2012 was a disaster for Michigan apple growers, but 2013 has been a good year. From Capital Press:
Michigan apple industry set new shipment records two weeks in a row in October — with the second and highest week being 414,702 boxes the week ending Oct. 12.
Michigan and New York are experiencing bumper crops following severely reduced crops in 2012 from spring freezes.
“Our growers, packers and shippers are working seven days a week, day and night, to move this crop,” said Diane Smith, executive director of the Michigan Apple Committee in Lansing.
One of the limiting factors in the apple harvest is the availability of seasonal workers to pick the crop. Last year was a bad year and some migrants resettled to other states. From MLive:
Market demand also will play a role in determining how many apples are left in the fields or sent to packers and processors, said Diane Smith, executive director of the Michigan Apple Committee that represents some 850 family-owned orchards.
Smith estimates the apple harvest workforce is short about 20 percent. Labor has been the industry’s top concern for many years, since it’s tough to find an adequate skilled workforce, she said, adding that immigration policies that allow migrant workers to go back and forth between the U.S. and their home countries would help.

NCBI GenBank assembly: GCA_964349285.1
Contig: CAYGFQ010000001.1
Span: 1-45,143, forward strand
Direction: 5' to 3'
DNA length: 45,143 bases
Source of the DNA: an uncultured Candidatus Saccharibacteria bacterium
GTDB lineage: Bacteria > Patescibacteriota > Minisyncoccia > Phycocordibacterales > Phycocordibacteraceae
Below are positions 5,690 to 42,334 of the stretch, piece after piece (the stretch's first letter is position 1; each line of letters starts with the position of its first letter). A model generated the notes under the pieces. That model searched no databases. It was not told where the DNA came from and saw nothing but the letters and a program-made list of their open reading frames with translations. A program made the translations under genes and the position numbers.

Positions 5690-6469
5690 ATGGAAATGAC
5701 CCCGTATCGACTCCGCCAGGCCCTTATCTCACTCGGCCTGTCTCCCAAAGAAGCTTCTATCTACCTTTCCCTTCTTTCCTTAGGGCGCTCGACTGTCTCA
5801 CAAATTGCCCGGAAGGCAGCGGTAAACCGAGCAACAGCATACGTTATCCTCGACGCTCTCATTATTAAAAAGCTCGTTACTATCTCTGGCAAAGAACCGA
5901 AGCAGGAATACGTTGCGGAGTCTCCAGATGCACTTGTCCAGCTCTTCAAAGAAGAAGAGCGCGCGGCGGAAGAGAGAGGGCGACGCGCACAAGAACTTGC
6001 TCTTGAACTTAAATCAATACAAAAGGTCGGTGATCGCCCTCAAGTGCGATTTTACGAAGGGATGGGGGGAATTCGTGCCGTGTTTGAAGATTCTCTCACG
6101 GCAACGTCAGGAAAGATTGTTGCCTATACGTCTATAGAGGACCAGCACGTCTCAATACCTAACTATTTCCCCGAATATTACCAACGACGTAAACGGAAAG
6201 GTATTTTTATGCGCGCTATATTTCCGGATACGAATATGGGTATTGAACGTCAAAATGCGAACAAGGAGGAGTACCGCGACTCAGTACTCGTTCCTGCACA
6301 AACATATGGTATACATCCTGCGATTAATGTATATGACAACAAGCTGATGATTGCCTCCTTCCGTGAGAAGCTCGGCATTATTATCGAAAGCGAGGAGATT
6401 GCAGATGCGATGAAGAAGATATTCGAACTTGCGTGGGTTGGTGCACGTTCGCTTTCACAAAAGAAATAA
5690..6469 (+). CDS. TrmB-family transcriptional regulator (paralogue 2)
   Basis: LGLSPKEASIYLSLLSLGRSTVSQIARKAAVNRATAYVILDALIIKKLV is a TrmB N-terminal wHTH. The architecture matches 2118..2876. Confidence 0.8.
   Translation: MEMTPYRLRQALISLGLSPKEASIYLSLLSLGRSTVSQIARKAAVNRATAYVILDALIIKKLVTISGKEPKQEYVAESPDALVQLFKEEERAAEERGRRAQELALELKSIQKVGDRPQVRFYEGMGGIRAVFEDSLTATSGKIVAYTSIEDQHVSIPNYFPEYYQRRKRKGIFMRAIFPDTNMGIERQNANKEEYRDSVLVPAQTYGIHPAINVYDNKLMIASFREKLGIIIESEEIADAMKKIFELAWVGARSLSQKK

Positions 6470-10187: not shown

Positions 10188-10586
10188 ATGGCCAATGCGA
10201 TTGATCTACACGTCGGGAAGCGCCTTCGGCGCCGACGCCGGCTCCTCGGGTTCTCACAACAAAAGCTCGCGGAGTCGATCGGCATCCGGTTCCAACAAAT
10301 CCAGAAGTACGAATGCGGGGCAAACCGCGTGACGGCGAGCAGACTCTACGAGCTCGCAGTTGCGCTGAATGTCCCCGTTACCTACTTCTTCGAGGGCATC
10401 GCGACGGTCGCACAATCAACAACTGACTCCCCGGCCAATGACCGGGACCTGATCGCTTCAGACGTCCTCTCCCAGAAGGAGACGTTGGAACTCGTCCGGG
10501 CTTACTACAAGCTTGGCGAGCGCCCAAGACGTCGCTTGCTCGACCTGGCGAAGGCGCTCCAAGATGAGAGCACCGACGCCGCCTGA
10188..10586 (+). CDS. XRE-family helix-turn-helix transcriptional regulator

The Traverse City Record-Eagle notes the impact in the northwestern part of the Lower Peninsula:
Some affected growers, particularly in the Grand Rapids area, are prioritizing and picking only varieties that have the best financial return, said Jim Bardenhagen, an area fruit and vegetable farmer and retired 20-year Leelanau County extension director.
Bardenhagen said several area farmers told him that only about half of migrant workers needed to pick apples in the region came to northwestern lower Michigan this year and that many are new to the work. He personally lost only one worker in his crew of three. Area crews generally can vary from about five to 30.
This would be a good year to look for orchards that are doing a gleaner’s harvest to donate to local food banks.
Image credit: Apples by Roger Yepsen, available on Amazon.
In this small and elegant book, artist/writer Roger Yepsen presents fascinating facts about more than 200 varieties of apples growing in the United States. With beautiful and distinctive watercolors, he makes identification a snap. He also reveals how each variety tastes and which varieties are best for eating and cooking.